I really don't buy that MGS was intended as some kind of anti-tank. How many AP rounds do they even carry on average? Two or three? That's not dedicated anti-tank. That's emergency/last-ditch anti tank. It's an assault gun in the tradition of vehicles like the Sturmgeshutz. It's designed for pummeling holed up infantry from the safe distance that a caliber like 105mm can provide. Less so for an auto-cannon. Everybody stopped using light tanks a long time ago because as it turns out IFVs do that job better anyway, and if infantry support firepower is really all that necessary than dedicated gun carriers like Centauro or Stryker MGS are more practical.

Edited by CaptHawkeye

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I am a combat wounded vet so hostile brevity is the medium I am used to, comfortable, and operate in. Sorry had to get a dig in Panzer afterall we are all soldiers here whether real peacetime or conceptually.  :P

 

I could have been one of those, but they didn't bite for some reason. 

 

 

 

You have obviously never operated out of MRAPS in a combat setting for any lengthy period of time as the case in Afghanistan and one many have voiced concern regarding. 

 

I operated out of a MAXPRO for a while as a new LT, and then as a troop XO had to keep a fleet of RG-31s and MAXPROs from falling apart.  They're not great vehicles.  However if you read my later proposals on BCT adjustments...basically I feel having two "light" BCTs is the wrong way to go about it.  If the Stryker is just a taxi for light infantry, great.  Then why do we have two distinct flavors of light infantry that are incapable of unaugmented operations outside of COIN?  

 

 

 

The Styrker was designed exactly as you said to be the middle weight flex option and operate as a follow on force to sustain controlled territory in addition to move forces efficiently to the front to serve as light infantry, and around the battle space.. This is nothing new as we have done this since WWII and always looked for the best fit in sustainability and # of personnel. Forces that can transport ground troops efficiently and sustain themselves on the battlefield are paramount in overall strategic success. SBCT were not designed for frontline spearhead duty as identified in every manual regarding their employment since inception. Referenced SBCT rifle platoon and squad and above on up to Battalion level Fm's within the first ten pages or so.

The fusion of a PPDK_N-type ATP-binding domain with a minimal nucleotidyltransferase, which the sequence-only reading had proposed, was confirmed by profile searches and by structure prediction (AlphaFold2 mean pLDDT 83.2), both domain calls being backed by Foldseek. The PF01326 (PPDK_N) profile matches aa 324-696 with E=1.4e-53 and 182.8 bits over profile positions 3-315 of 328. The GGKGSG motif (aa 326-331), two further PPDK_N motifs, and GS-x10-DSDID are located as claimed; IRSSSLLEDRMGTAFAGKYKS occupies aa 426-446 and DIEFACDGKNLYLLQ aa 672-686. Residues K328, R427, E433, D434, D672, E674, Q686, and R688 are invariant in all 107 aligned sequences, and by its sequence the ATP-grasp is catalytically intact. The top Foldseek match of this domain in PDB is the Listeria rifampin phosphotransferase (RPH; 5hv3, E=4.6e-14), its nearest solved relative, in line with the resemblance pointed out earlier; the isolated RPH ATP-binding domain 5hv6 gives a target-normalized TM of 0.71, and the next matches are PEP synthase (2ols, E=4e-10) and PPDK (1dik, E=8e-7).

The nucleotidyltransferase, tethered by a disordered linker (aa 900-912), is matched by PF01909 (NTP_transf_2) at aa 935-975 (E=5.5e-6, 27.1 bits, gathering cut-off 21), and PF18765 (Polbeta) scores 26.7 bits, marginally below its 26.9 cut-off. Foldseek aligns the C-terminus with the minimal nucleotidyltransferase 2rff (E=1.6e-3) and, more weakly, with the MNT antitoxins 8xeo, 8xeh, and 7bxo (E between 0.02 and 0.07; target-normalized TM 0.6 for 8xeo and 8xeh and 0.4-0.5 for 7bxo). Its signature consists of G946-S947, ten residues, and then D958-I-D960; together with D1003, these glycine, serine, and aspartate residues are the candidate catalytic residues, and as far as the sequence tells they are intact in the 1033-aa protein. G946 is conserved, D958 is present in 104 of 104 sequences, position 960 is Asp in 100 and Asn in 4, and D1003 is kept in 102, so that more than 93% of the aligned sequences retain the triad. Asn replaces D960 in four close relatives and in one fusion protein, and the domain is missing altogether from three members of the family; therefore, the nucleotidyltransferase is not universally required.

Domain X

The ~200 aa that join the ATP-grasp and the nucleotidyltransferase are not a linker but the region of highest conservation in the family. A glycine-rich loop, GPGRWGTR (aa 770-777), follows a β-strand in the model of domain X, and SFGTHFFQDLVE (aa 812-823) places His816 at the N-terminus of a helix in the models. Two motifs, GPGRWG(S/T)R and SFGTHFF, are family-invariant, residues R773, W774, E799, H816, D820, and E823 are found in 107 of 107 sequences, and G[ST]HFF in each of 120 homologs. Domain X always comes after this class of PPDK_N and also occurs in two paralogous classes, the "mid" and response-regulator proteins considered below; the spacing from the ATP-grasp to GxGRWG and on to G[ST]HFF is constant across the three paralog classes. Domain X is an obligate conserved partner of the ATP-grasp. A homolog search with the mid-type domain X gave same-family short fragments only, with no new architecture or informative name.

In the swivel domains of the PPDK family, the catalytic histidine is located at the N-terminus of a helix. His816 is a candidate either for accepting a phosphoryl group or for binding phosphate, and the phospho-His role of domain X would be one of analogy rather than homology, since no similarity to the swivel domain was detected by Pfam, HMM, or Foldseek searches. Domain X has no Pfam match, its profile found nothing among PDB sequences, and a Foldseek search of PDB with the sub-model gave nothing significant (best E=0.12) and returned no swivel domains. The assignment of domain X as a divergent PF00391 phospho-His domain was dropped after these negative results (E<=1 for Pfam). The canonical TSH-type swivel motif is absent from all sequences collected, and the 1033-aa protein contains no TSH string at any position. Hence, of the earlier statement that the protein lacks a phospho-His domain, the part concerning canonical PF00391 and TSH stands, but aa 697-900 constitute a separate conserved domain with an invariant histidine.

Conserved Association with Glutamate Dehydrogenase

Which is sort of missing the point.  The rapidly flexing around the battlespace is cool and all, but as you pointed out, it's not a spearhead force.  So we have a rapidly deployable and mobile force that must wait for something that takes months to deploy before it can do anything.

 

Which gets us full circle back to the 101st and 82nd relying on Saddam's good graces to let us get armor in theater, which is what the Stryker was supposed to help with. What good is faster if it cannot do the job when it gets there?

 

 

 

Again how do you get them and sustain them from their racks to the operational area. If NK came over the border the scout platoon at the bridge is dead in 30 minutes as is the other supplementary D.I.P  outfights to buy time to get forces in position to respond.

 

If you want to get super-specific, it's actually an old idea back when 2 ID in Korea was really 2 ID vs Div troops+1 BCT.  The most practical way would just be to co-locate the leg dudes with the aviation brigade and have them be air assault troops.  The simplest way to climb a hill being getting dropped off at the top and all.